Ohio State Buckeyes
Yoga classes no laughing matter for Buckeyes
Buckeye Buzz Saturday April 24, 2004
By Jon Spencer COLUMBUS -- Yoga master Bikram Choudhury should add "never too muscular" to his creed.
Gannett News Service
Fullback Branden Joe, whose weight-lifting feats have become legendary within the Ohio State football program, has discovered real strength while attending -- don't snicker -- yoga classes with several other Buckeyes.
"(Tailback) Maurice Hall was bugging me to go with him, and then once I went it was one of those things that's kind of hard, but you know it's good for you," Joe said.
"About 10 guys have gone on a regular basis. Everyone else can razz us all they want, but they haven't tried it. It's tough. The razzers will be in there whining like babies."
This is not your mother's yoga. Or Gandhi's, either.
No one assumes the lotus position or sits there chanting mantras. Bikram Yoga, novices might joke, is closer to self-mutilation than self-meditation.
In a room warmed to a withering 105 degrees, participants from soccer moms to college football players go through a series of 26 contortionist-like poses, holding each of them for long periods to improve strength, balance and agility.
The intense heat in the room at Bikram Yoga of Columbus is designed to loosen the muscles and induce sweating to rid the body of toxins.
Joe is happy if he gets through one of the 90-minute sessions without fainting.
"There's no meditation," he said, laughing. "The only mediation is the thought going through your head, 'Why am I doing this?' They should name it 'extreme yoga,' because that's what it feels like.
"You go through a gallon of water easily because you're drenched. I don't know the names of all the positions because when (instructor Amy VanTilburg) speaks about them, I'm too focused on trying not to pass out. So I don't hear her."
VanTilburg, director of the only Bikram Yoga center in Ohio, has gotten a kick out of having Joe and the other Buckeyes in her class. She has also been impressed by their progress.
"I knew once they figured out how it would help them, they'd want to stick with it," she said. "All of them have done a great job. They are naturally good at what they do, but they weren't as good at this, so it was humbling at first. But it's been fun watching their transition to becoming good."
Van Tilburg has seen the biggest change in Hall, who credits the program for getting through last season on a pair of knees that eventually required surgery. Although he sat out spring drills, Hall expects to be in top form come fall.
"I definitely think (yoga) helps with my lateral movement," he said. "When I tried to get to a certain spot or make a certain move before, I couldn't because of hip tightness. Now I think I'll be able to get there."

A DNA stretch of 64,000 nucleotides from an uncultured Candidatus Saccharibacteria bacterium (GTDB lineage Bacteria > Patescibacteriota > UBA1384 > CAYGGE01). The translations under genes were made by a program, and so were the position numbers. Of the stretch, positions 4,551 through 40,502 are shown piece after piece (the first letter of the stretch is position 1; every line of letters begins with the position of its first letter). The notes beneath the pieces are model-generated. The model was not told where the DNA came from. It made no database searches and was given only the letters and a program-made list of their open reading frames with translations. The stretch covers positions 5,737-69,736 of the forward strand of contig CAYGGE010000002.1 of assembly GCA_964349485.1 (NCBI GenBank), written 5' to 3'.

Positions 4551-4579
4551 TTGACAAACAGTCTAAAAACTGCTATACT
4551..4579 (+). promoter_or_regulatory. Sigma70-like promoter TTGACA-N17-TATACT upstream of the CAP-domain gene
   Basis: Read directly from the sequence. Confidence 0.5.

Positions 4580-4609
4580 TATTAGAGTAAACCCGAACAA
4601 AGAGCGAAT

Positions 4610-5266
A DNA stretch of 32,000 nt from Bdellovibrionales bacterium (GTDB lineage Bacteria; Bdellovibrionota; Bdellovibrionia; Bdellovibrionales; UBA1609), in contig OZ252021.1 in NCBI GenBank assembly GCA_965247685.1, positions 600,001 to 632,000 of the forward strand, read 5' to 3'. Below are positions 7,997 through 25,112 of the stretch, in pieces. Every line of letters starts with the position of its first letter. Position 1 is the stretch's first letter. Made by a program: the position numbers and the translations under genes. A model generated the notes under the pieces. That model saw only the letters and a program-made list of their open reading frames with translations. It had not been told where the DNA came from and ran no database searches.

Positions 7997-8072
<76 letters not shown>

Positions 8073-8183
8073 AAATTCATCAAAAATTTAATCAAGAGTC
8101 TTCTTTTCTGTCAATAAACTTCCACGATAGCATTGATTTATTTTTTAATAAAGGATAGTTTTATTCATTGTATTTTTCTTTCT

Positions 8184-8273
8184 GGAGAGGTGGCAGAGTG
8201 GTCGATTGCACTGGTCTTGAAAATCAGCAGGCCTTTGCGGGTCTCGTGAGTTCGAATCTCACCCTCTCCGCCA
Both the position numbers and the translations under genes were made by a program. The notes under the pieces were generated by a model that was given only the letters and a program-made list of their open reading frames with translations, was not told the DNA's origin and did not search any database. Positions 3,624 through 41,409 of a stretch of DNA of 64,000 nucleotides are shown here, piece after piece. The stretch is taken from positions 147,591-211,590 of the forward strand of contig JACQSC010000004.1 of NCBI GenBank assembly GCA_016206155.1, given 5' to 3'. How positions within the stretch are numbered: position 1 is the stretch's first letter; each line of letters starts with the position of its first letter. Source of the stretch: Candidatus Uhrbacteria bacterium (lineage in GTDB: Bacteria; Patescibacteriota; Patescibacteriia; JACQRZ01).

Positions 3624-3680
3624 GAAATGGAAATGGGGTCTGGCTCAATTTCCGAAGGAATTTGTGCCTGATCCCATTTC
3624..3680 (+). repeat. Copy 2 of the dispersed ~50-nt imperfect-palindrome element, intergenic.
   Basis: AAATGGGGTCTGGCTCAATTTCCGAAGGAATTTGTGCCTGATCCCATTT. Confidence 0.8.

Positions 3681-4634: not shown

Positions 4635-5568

OSU coaches will make yoga a regular part of the team's offseason conditioning. Beginning in May, Van Tilburg will conduct two sessions a week in the football facility's weight room.
She's not sure the heat in the room will reach 105, but the hotter the better. Bikram Yoga not only increases stamina and agility, the extreme temperatures are conditioning the Buckeyes for August two-a-days.
"The yoga helps in so many areas," VanTilburg said. "It prevents future injuries, cures old ones and develops new strength to go with the strength you already have. It adds a whole new dimension for the players. It opens a whole new world for them and should help with the longevity of their careers."
Middle linebacker Anthony Schlegel is glad to know that stretching backward from his knees and grabbing his heels hasn't been for nothing.
"It's like wrestling practice," said Schlegel, a former state champion grappler in Texas. "You're holding these positions, so you're using your strength and trying to get stretched out. It's very tough."
Joe, who tore a pectoral muscle last year bench-pressing 500 pounds, feels stronger and better than ever since discovering what is commonly referred to as "hot" yoga.
"You can definitely become too muscle-bound for any sport, unless you're a bodybuilder," he said. "I feel combining strength with flexibility is only going to help me compete on the field, and that was the main focus ... perhaps preventing injuries and creating good habits."
Who is Bikram Choudhury?
Bikram Choudhury started yoga at the age of four. At 12 he was the youngest-ever national yoga champion of India. He went on to become a champion weight-lifter, setting world records and competing in the 1964 Olympics. At age 20, a lifting accident crushed his knee. He was told he would never walk again. With the help of a yoga guru, he was able to make a complete recovery. Combining Eastern doctrine to three years of work with Western doctors, Bikram perfected his comprehensive system of 26 postures. He has scientifically formulated and demonstrated yoga's ability to regenerate tissue and heal chronic ailments. He has been teaching his methods all over the world for 30 years.
What is Bikram Yoga?
It is a 90-minute class, consisting of 26 postures, each performed twice in a heated room. The series of poses is designed to warm and stretch the muscles, tendons and ligaments in the order in which they should be stretched, preparing the body for the next posture. Bikram's 26 poses systematically move fresh, oxygenated blood to 100 percent of the body, restoring all systems to healthy, working order.
Professional athletes say it gives them mental clarity and increased energy. Physically, Bikram Yoga is the perfect blend of strength, flexibility, balance and cardiovascular training. It can be used for physical rehabilitation, injury prevention and performance enhancement.
Originally published Saturday, April 24, 2004